'    assembly code here
'    more assembly code

The ASM directive injects bare 6502 assembly code into the compiled XC=BASIC code without any modification. As XC=BASIC itself produces DASM code, the injected assembly code must also be in DASM format and syntax.


Each line within the ASM … END ASM block must start with a single quote ( ' ) character or the REM keyword in order to prevent the compiler from interpreting it as BASIC code.

For a more comprehensive tutorial on using 6502 assembly with XC=BASIC, see this page. TBD


REM -- set border to black using XC=BASIC code
POKE $d020, 0
REM -- set background to black using inline assembly
'   lda #$00
'   sta $d021
REM -- the XC=BASIC program continues on from here

The above example illustrates how to use ASM to inject inline assembly code into the XC=BASIC program. The compiler will send the code between the ASM … END ASM commands straight to DASM for assembly immediately following the POKE command. Newlines are used in this example to improve the readability of 6502 assembly code that spans beyond one line. Note there are no quotation marks or other encapsulations around the assembly code as was previously required in XC=BASIC v2.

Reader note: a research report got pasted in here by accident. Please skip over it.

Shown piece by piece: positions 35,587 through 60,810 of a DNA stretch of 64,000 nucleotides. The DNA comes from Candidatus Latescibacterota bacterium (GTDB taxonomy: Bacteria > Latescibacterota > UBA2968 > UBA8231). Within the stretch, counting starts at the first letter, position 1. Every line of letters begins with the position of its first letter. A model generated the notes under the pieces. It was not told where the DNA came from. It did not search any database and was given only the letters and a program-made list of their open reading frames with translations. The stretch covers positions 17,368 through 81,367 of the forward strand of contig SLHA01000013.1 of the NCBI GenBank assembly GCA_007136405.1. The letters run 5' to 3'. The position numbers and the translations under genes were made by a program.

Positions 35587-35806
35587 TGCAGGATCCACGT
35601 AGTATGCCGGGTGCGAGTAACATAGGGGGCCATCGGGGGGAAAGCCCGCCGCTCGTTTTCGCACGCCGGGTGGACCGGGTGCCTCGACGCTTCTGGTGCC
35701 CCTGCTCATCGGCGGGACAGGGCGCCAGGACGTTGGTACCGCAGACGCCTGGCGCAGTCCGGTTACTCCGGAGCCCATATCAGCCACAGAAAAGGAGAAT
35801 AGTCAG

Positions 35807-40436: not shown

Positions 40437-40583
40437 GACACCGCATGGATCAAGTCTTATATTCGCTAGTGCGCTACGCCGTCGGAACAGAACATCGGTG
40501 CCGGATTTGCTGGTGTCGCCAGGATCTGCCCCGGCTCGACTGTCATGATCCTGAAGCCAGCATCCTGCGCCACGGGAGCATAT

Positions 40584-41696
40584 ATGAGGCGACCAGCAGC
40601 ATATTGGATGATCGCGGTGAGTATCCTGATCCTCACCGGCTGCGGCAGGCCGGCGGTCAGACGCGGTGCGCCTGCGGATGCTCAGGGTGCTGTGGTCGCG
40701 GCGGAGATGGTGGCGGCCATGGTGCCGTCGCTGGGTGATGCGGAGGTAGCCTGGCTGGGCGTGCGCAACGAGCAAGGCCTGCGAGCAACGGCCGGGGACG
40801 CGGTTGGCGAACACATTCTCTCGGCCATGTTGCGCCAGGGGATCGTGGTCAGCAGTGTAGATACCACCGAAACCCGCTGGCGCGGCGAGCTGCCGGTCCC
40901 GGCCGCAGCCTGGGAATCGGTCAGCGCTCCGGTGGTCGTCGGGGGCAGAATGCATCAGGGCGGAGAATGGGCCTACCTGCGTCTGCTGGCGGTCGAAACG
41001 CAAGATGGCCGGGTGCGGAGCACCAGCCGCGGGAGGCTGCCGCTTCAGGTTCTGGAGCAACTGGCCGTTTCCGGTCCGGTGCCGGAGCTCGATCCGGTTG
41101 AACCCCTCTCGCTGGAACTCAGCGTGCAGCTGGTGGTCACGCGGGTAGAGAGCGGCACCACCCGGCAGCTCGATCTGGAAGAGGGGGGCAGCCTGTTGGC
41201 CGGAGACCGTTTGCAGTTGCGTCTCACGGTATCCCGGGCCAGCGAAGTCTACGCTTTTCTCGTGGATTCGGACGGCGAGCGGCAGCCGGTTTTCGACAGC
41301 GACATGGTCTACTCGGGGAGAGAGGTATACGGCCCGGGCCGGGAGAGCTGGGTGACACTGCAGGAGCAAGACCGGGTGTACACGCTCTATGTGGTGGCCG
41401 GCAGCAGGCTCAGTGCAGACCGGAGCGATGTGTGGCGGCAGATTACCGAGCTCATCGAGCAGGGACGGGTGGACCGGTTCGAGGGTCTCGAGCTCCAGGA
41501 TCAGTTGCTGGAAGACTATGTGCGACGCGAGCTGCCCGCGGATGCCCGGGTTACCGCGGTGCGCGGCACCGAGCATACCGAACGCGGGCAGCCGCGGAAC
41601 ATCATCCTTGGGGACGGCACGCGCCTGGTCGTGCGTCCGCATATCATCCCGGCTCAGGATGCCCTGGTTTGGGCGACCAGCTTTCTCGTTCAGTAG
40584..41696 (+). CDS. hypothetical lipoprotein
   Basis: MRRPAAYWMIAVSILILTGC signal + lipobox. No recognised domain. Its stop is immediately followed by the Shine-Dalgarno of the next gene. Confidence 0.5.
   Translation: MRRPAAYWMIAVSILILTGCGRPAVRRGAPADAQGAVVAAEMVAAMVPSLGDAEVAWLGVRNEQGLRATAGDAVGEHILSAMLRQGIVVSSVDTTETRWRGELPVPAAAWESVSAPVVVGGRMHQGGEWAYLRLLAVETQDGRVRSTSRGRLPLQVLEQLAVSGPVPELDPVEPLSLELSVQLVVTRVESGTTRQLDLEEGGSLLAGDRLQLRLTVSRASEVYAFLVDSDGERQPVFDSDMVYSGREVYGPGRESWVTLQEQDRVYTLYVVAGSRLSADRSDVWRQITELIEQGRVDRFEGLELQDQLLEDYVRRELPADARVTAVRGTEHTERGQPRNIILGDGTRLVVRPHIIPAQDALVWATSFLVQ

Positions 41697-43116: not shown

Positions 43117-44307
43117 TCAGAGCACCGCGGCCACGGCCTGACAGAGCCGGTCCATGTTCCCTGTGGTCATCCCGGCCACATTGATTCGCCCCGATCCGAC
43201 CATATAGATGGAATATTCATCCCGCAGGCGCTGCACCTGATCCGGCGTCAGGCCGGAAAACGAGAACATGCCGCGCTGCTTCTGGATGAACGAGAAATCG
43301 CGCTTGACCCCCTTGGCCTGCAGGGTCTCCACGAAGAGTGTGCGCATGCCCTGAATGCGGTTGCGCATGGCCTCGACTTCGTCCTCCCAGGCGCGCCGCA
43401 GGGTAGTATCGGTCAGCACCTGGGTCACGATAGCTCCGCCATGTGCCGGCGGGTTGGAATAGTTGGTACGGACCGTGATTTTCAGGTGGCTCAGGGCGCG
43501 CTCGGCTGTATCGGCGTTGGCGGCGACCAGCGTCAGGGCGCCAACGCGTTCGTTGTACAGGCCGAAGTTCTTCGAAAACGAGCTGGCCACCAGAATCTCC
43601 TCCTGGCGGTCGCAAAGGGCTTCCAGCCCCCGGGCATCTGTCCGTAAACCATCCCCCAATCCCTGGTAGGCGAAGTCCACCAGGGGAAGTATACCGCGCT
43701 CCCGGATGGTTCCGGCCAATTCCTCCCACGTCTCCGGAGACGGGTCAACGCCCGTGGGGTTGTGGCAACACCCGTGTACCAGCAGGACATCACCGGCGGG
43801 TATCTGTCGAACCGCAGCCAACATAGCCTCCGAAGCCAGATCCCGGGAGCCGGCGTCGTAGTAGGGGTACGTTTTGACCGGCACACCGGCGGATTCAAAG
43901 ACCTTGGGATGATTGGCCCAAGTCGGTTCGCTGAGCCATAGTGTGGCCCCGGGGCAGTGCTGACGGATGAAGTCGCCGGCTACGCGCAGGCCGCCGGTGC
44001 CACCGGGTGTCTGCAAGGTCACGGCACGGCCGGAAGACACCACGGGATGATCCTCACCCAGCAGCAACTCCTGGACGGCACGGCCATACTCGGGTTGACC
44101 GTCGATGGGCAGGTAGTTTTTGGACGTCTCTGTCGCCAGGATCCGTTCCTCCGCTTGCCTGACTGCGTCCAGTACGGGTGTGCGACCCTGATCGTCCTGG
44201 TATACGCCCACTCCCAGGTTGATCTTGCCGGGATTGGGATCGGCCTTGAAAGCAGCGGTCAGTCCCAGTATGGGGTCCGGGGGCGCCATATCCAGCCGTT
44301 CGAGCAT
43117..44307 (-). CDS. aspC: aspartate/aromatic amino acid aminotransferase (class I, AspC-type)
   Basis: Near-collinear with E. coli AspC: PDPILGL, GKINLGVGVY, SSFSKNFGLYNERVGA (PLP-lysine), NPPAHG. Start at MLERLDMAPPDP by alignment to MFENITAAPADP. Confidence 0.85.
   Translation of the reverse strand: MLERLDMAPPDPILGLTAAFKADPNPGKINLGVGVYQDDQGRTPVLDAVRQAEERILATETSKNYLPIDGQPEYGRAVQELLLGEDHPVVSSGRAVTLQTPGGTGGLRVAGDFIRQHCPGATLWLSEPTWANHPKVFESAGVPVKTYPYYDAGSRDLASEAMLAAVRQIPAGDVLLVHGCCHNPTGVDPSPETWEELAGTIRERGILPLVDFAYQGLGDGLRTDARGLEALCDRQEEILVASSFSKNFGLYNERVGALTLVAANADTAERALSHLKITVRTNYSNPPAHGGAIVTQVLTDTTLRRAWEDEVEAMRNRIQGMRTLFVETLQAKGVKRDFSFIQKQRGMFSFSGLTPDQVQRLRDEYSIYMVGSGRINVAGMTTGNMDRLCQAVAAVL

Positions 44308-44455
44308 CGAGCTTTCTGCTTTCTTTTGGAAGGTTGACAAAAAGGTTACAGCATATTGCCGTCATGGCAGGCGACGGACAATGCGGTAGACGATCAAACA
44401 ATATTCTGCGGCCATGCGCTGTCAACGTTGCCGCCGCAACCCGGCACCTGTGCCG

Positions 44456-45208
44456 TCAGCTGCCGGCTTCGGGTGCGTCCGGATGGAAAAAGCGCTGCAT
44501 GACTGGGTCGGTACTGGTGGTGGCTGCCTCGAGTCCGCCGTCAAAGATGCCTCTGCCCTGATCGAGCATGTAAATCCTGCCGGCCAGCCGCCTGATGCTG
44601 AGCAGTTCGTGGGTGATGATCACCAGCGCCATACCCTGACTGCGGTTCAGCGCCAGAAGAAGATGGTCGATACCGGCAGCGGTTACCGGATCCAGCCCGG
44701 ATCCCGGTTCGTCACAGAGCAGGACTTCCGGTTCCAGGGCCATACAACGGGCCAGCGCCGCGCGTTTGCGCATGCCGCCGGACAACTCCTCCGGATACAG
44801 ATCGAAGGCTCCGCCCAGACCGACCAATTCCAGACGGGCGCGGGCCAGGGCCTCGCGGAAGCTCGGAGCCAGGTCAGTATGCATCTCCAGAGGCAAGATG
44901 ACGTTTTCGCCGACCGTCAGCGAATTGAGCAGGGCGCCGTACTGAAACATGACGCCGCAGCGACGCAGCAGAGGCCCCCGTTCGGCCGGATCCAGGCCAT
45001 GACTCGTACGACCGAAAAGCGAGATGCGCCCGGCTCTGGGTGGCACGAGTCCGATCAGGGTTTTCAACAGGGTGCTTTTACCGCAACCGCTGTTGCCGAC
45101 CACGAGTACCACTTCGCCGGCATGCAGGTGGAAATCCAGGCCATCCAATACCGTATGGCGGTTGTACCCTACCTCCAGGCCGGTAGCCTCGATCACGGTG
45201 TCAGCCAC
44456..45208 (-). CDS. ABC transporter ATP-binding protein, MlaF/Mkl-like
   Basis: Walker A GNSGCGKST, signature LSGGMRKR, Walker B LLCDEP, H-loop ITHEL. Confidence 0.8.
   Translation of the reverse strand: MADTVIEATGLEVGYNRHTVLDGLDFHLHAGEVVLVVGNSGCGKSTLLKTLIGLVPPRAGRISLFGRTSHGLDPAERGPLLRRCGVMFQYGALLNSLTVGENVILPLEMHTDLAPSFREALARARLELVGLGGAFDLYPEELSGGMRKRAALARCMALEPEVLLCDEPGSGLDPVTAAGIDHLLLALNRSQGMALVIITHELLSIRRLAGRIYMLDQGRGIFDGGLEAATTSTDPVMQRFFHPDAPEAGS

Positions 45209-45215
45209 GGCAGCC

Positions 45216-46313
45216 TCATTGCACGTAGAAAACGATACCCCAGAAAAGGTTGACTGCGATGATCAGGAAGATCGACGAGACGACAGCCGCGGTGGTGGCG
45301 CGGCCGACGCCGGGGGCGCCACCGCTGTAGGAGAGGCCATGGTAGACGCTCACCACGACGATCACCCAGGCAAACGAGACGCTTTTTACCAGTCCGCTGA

Note the spaces before the opcodes on each line of DASM assembly code. Leading spaces are required by DASM for any line of assembly that is not a valid DASM label.


Each line in DASM assembly code must start with a label or at least one space.


The XC=BASIC compiler cannot validate the in-line assembly code. It will be copied verbatim into the XC=BASIC assembly before being compiled by DASM, so you must take special care with the ASM directive. DASM will report any errors. Please consult the DASM docs carefully for syntax and formatting.

Using 6502 Assembly in XC=BASIC Programs

As was done with the v2 extensions tutorial, a page might be put together to more comprehensively explain how to use in-line assembly in XC=BASIC programs. This page and the v3 extensions tutorial should reference it.